Saturday, March 24, 2007

yq: a stack for package transactions

yq is a little command line program I've been coding up over the past week to solve a specific problem I encounter quite regularly. Often I will install a program via yum to try it out, only to decide I don't like it. The problem occurs when the installed program brings in dependencies; if you want these removed along with the program, you'll need to remember all of them. So, my frequent testing of programs results in a lot of built-up cruft on my machine.

A solution to this problem are rollbacks. rpm does have built-in rollback support. I am not interested in saving all of the previously installed rpms on my disk when I install or upgrade something new, nor am I interested in saving each and every rpm transaction.

yq leverages yum to perform transaction rollbacks and replays. Since the rpms you are dealing with are already in a yum repository, yq only records the names of these rpms.

The design for yq is influenced by patch management programs like quilt, which is where the stack comes into play. Transactions that you create can be pushed and popped onto/off of the stack, changing the state of your system.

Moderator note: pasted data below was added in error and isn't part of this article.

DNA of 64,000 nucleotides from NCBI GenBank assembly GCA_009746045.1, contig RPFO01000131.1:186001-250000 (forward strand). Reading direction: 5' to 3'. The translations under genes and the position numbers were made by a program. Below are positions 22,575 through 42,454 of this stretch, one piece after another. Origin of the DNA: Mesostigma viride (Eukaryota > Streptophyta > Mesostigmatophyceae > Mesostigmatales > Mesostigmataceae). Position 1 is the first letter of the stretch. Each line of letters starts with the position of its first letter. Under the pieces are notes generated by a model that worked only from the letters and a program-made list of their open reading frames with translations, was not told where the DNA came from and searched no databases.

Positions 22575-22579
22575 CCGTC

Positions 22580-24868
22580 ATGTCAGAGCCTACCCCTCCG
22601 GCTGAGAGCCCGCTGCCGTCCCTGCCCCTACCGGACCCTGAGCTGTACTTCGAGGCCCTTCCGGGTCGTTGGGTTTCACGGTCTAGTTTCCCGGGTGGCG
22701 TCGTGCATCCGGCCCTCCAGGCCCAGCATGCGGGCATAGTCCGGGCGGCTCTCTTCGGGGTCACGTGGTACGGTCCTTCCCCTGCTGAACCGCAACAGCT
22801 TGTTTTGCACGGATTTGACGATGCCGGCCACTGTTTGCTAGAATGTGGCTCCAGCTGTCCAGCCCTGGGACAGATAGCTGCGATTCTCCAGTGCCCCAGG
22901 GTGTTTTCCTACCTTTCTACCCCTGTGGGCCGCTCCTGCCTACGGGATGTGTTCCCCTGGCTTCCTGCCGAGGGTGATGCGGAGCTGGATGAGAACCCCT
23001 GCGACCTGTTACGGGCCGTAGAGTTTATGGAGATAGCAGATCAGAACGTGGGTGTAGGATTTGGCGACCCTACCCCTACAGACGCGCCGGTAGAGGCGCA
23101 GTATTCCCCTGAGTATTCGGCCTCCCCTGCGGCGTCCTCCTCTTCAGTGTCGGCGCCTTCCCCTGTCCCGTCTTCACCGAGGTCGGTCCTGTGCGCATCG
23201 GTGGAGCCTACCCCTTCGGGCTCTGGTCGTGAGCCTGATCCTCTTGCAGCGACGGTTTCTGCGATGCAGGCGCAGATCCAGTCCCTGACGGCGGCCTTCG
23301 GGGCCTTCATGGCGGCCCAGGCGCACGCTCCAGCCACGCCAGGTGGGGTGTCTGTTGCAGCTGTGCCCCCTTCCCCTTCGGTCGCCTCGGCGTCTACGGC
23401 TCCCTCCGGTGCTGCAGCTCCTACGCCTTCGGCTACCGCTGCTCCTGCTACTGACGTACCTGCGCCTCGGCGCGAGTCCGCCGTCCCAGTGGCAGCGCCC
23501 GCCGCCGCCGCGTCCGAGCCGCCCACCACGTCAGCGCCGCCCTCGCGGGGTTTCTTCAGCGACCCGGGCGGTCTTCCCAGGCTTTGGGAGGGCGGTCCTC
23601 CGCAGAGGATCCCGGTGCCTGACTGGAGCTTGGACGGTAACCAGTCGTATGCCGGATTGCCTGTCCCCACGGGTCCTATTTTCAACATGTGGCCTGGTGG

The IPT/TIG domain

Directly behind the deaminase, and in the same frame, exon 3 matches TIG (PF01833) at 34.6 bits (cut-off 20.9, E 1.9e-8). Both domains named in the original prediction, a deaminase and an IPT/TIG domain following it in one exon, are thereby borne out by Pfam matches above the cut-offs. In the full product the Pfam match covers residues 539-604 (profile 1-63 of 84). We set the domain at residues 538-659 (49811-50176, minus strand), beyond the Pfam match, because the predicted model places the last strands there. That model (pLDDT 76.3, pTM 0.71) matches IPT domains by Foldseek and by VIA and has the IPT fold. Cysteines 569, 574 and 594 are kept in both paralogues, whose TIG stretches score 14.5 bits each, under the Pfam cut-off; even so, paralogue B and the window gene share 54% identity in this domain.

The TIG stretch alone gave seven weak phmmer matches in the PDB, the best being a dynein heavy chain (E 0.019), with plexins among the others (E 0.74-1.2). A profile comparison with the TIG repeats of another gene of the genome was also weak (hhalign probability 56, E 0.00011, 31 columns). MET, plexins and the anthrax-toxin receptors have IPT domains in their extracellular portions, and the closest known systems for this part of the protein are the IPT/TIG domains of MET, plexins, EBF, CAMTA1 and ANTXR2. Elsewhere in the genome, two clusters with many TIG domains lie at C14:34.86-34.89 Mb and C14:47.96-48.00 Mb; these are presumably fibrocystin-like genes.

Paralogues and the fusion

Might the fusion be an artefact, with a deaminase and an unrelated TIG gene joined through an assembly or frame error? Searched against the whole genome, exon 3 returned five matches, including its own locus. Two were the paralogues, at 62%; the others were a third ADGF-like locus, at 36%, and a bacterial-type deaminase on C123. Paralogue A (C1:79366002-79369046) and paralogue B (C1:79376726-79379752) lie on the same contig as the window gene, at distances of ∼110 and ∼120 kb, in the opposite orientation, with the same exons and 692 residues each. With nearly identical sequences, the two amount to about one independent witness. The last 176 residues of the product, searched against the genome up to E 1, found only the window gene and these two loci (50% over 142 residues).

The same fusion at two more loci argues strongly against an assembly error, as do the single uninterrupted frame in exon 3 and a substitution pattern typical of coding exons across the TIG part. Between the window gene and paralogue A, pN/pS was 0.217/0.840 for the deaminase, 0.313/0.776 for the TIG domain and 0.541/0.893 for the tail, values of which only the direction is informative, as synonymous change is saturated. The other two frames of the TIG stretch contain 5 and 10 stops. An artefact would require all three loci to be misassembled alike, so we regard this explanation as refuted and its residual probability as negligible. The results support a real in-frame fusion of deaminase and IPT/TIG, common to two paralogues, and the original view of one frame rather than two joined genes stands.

You can download yq, or browse the sources via gitweb.


  1. Why not use "yum remove "? i.e. yum remove f-spot it will remove any dependencies that aren't needed by anything else. If they were brought in by f-spot, they will get removed.

  2. > If they were brought in by f-spot, they will get removed.

    No, they won't.

    Though this is another idea I've been kicking around; a plugin that will run down your dep tree when you remove something and pull out anything that's no longer required. I'm happy with yq for now, since this way I don't even have to remember the name of any package at all.


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